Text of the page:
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The player takes the role of a young woman who one day has a chance encounter with one of a number of You Tubers.
But the upcoming 90 Days of Love with You, or You-Koi, to use its abbreviated Japanese title, is shining the spotlight on a heretofore uncelebrated line of work for a dating sim: You Tube video personalities.
Hatsune Miku isn’t the first effort at creating a virtual idol, a non-human performer independent from existing franchises or artists (also, not a hip-hop-ified cat acting as sidekick).
Music labels and 3D designers spent nearly two decades trying to create a computer-generated star capable of everything a flesh-and-blood act could do—but free of human limitations, such as fatigue or getting caught in scandals.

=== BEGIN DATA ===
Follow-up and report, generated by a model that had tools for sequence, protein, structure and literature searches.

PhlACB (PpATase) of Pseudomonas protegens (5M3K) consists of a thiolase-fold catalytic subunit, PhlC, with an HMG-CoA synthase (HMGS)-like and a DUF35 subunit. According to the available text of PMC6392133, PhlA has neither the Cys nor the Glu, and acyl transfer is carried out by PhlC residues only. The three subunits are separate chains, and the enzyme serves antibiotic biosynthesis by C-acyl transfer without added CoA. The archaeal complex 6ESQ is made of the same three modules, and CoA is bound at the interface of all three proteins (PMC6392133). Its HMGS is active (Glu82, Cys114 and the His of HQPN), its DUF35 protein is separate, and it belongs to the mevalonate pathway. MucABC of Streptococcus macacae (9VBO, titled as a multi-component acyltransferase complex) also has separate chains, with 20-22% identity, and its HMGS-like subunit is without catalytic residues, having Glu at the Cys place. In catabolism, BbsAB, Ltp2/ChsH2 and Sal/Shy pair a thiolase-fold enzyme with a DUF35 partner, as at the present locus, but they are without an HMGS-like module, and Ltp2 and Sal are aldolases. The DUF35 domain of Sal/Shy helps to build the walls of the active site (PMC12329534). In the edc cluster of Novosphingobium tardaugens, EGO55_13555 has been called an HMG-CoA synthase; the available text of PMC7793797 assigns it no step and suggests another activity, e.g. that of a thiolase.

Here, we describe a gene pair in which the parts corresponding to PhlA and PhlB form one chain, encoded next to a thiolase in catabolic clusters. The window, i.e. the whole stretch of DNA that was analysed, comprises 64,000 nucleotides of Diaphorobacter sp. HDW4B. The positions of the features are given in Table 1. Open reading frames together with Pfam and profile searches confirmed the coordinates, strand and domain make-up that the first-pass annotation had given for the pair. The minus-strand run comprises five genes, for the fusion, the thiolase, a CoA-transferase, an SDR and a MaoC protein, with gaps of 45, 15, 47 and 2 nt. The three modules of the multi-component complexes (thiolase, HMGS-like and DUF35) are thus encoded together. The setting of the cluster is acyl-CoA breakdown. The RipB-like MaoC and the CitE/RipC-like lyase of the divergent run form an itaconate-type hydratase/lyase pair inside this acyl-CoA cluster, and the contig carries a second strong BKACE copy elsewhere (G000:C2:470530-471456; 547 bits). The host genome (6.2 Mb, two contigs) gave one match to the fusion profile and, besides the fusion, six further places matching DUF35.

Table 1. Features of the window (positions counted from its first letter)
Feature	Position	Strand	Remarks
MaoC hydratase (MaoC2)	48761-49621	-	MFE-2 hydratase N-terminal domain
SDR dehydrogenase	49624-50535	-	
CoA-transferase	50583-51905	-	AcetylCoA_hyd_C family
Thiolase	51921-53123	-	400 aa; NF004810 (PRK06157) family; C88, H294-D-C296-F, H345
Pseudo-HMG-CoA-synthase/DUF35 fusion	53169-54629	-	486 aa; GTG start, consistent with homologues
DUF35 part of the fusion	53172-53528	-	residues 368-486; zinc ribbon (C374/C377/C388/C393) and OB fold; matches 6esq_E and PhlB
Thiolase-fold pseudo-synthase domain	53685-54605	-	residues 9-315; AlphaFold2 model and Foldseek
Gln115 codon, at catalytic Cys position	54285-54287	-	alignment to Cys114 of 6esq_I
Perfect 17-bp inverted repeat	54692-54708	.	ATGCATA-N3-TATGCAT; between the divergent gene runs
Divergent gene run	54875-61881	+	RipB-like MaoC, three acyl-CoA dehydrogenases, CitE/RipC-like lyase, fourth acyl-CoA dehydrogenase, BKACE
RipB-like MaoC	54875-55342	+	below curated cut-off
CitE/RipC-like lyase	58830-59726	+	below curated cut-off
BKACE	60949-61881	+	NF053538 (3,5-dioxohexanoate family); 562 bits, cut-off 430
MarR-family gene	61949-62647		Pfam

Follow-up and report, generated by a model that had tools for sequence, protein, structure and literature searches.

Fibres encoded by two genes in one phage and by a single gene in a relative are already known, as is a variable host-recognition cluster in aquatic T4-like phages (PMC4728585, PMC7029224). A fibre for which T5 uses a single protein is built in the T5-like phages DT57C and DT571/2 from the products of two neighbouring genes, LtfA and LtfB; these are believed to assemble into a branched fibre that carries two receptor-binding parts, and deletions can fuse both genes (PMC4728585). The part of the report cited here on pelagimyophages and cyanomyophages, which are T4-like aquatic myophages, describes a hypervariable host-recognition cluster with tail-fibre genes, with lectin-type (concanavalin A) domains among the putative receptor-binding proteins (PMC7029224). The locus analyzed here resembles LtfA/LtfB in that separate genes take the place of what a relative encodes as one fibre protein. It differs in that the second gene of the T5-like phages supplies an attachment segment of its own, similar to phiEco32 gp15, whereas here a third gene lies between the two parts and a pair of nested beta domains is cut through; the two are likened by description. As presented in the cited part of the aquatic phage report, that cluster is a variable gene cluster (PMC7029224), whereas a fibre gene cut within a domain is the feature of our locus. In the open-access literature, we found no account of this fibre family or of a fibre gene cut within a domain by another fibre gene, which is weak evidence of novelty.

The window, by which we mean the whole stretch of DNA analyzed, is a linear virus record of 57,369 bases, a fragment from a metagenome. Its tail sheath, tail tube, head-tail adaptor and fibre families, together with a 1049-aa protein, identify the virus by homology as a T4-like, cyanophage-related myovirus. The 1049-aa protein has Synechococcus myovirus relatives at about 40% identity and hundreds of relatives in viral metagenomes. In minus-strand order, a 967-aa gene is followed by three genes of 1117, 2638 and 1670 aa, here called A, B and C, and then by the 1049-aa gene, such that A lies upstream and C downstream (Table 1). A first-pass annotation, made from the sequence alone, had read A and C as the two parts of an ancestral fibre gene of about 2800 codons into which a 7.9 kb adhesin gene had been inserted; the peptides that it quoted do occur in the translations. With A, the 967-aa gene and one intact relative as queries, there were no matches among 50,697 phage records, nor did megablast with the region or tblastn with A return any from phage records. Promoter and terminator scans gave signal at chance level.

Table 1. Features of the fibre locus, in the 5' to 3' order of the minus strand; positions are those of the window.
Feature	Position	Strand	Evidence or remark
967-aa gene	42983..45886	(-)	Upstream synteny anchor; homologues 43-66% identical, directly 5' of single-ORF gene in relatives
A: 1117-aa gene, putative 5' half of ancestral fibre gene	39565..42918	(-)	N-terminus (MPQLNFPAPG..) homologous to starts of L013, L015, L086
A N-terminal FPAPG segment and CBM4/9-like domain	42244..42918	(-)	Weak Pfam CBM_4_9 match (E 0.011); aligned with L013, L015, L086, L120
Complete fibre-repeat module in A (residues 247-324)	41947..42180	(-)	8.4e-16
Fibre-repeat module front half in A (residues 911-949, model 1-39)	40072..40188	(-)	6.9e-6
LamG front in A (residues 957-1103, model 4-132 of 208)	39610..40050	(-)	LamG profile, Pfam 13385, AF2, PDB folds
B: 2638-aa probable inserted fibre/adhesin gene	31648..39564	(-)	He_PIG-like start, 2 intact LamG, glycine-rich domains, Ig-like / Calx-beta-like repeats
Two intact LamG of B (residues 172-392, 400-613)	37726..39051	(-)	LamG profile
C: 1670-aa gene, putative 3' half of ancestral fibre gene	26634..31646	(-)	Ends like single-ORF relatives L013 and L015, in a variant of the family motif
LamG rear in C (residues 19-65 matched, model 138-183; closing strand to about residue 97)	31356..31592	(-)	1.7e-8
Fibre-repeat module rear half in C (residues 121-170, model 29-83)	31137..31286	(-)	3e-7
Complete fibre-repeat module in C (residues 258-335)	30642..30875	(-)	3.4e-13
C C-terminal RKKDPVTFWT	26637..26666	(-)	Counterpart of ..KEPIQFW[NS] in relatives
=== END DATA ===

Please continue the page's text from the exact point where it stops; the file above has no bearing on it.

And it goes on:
Miku eventually achieved that dream, but only after a lot of uncanny valley failure paved the way for her modern-day success.
Efforts to create a virtual idol in Japan started in the 1990s, as the quality of 3D modeling software improved and the character Shiori Fujisaki—from the 1994 dating simulator —experienced massive popularity.
In her native Japan, she made her Kabuki debut, and found the time to model Givenchy dresses for , and she still has her annual two-day solo concert in Tokyo this September.